It’s important to understand that physical detox is only the start of recovery. There’s a long road ahead of it still to be traversed. Some choose to try to rehab themselves. However, if available to you, a rehabilitation program can be an invaluable aspect of sobriety.

Rehabilitation treatment should be aimed at holistically addressing all areas of your life, not just your substance addiction. It will explore cognitive behavior therapies. Expect to explore areas such as:

•Mental state
•Personal history for the core of addiction behaviors
•Nutrition
•Physical health
•Family therapy
•Individual therapy
•Group therapy
•Necessary pharmaceutical treatment
•Developing long-term recovery strategies

Remember that there’s not a one-size-fits-all treatment for addiction. There’s a lot of inpatient and outpatient options available. Find a program that’s a good match for your needs and circumstances, and then be ready to commit however much time is deemed necessary to complete the program.

Take Advantage Of Follow Up Programs

Recovery can be short lived if you don’t have adequate support as you transition from the reclusiveness of rehab back to your daily life. Research aftercare and follow up programs to continue the help you need to traverse addiction.

Such programs may include a slow or plotted reintroduction to normal day-to-day life, such as through weekend reprieves at an addiction center or going from the rehab center into a sober living facility. Follow up programs have many other offerings including:

•Drug and alcohol testing
•Nicotine addiction support
•Group, individual, and family therapies
•Help forming new patterns and lifestyle choices
•Stress reduction and coping skills
•Strategies for family members to support their recovering loved ones
•Job and vocational training
•Anger management classes
•Group activities and outings with other dealing with addiction

Find Sober Friends

One of the biggest risks to a recovering addict’s sobriety is returning to socialize with those not sober. There’s tremendous self-inflicted pressure to be who you once were and do what you once did to fit in where you once fit in; there’s also a tremendous amount of peer pressure to be the “old you.” It’s painful, but the lifestyles and behaviors of others that no longer align with the sober you should be cut away. Removing this temptation from your life will make room for relationships that do support and enable you to progress along the path of recovery.

Tips for building new sober support:

•Work on reestablishing trust and honesty within healthy relationships
•Find a new circle of friends
•Join a social activity that excludes addictive substances

Abandon Old Stomping Grounds

It’s the same as with friends. You can’t hangout in the same places sober as you did not sober. Doing so brings forth memories and temptations that do nothing but eat away at your resolve, self-esteem, and goals to move forward.

Evaluate Your Total Environment

From where you live to where you work, carefully examine each facet of how you’re living to determine if it supports or detracts from your sobriety. Maybe you’re a waitress in Palm Beach serving alcohol. Maybe you live in South Florida area heavy with recreational drug users or have a roommate that throws frequent parties.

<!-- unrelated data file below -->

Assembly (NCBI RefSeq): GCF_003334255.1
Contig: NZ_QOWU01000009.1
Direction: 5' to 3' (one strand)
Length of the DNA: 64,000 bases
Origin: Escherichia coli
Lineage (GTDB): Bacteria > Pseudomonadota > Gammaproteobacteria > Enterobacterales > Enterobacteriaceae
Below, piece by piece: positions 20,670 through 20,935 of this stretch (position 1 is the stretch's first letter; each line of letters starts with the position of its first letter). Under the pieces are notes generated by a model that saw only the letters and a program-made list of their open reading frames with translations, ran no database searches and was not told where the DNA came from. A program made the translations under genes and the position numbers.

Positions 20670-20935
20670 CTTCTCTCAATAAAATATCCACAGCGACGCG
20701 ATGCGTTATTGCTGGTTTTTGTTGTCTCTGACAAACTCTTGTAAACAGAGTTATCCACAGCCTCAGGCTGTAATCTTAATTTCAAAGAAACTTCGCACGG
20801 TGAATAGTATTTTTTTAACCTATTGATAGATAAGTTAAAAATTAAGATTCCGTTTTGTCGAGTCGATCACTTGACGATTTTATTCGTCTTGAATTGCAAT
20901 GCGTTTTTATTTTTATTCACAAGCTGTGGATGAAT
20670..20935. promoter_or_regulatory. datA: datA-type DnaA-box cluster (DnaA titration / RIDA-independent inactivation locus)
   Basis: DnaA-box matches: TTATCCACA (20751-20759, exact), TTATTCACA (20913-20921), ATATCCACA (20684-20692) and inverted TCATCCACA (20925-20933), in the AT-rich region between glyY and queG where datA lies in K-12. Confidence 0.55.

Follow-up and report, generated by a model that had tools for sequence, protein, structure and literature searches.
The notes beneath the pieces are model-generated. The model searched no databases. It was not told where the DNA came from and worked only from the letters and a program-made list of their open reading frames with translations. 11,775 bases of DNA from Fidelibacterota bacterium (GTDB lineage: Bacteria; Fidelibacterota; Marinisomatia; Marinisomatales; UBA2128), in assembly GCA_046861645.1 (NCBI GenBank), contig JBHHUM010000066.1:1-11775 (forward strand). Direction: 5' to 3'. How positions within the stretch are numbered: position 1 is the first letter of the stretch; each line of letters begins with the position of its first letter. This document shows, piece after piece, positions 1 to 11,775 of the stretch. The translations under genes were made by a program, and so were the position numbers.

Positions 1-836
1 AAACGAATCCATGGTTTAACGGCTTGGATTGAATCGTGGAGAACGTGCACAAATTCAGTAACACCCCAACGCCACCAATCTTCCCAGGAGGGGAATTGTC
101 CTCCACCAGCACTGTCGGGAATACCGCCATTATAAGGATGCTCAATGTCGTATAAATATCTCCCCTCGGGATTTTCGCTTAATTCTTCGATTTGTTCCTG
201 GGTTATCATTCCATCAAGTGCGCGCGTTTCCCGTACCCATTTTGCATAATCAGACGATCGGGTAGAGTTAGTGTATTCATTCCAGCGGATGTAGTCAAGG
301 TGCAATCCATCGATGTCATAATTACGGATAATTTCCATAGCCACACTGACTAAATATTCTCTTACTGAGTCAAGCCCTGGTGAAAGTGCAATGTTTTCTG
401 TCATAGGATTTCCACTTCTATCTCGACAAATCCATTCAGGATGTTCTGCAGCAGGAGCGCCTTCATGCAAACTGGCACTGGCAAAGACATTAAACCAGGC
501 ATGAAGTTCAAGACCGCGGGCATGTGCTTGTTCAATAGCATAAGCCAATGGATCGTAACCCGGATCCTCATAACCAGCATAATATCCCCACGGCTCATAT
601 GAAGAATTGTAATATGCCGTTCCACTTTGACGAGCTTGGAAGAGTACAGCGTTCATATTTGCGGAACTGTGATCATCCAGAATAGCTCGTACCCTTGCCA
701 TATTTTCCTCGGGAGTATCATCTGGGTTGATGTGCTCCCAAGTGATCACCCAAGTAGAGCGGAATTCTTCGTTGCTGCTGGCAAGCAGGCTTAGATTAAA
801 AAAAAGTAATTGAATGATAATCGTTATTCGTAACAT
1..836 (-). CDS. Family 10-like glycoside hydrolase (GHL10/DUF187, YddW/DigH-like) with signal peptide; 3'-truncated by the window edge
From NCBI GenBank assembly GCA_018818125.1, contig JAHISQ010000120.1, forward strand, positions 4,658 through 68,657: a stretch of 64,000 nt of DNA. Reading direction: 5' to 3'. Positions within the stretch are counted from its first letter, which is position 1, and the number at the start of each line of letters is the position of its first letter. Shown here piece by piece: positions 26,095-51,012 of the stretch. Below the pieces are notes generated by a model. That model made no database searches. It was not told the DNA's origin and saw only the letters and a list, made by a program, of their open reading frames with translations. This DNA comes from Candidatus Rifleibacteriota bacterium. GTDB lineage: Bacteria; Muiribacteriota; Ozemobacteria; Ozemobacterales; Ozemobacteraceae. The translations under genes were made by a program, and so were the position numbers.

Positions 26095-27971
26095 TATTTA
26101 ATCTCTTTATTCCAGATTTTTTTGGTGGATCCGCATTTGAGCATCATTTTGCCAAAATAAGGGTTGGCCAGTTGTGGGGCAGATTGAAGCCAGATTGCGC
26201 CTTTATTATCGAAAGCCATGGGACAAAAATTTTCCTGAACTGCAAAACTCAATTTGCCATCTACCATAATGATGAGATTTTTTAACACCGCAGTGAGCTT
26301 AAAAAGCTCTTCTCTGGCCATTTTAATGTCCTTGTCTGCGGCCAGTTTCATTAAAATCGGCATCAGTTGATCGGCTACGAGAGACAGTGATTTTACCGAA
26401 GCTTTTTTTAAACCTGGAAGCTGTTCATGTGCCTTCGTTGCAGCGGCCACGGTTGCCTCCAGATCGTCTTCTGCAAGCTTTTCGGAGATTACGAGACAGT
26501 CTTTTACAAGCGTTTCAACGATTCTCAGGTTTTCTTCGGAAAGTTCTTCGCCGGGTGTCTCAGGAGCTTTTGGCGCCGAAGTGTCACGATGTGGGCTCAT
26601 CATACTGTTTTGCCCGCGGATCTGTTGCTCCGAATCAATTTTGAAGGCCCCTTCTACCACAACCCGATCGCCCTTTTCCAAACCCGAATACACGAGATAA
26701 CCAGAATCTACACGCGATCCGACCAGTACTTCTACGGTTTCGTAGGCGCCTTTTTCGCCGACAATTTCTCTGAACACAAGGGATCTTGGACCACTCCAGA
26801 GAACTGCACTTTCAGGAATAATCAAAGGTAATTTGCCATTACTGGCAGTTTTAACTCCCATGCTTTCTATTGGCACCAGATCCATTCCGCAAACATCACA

There will hopefully be a time when the actions of others and your environment plays a lesser role in your sobriety, but these changes are particularly important in the early timeframes of recovery. And, it’s okay if those changes need to be permanent. Prioritize yourself and your sobriety and work to remove anything unsupportive or not conducive.

For many, abandoning friends, lifestyles, hangouts, jobs, and/or homes all add up to questioning who they are as a person – an identity crisis. It will require focusing on the positive, not negative. A new environment gives you vast room to explore new possibilities without every single moment being something that triggers your cravings.

Focus On Mental Health

Stress, depression, anxiety, and other negative emotions can quickly and easily result in relapse. Meditation and a routine exercise program are useful tools for both your mental and physical health. These bathe your brain in feel good endorphins and chemicals and release tension held in muscles. As you see the results of routine exercise and meditation, you’ll also feel more self-confident and be refocused on your personal goals, not the history of your addition. Include a well-balanced diet that supports mental health; if you’re not participating in an after care program, then consult a nutritionist for a diet plan.

Always Be Self-Aware

Relapse most often has a personal trigger behind it. Know thy own self. Understand your vulnerabilities, weaknesses, and triggers. Capture these thoughts immediately verses letting them swirl around unaddressed until they become overwhelming. Talk with a sober friend or family member, counselor, or support group to determine the best way to address the issue.

Addicts often times have an undiagnosed co-occurring mental health issue, whether it be depression or OCD, that affects their long-term sobriety. Mental illness worsens substance abuse. Substance abuse then worsens mental illness. Worsening mental illness then increases substance abuse. It can be a vicious cycle if not addressed. Be honest in your intake and rehabilitation processes so that any mental health issues can be identified and addressed if they exist.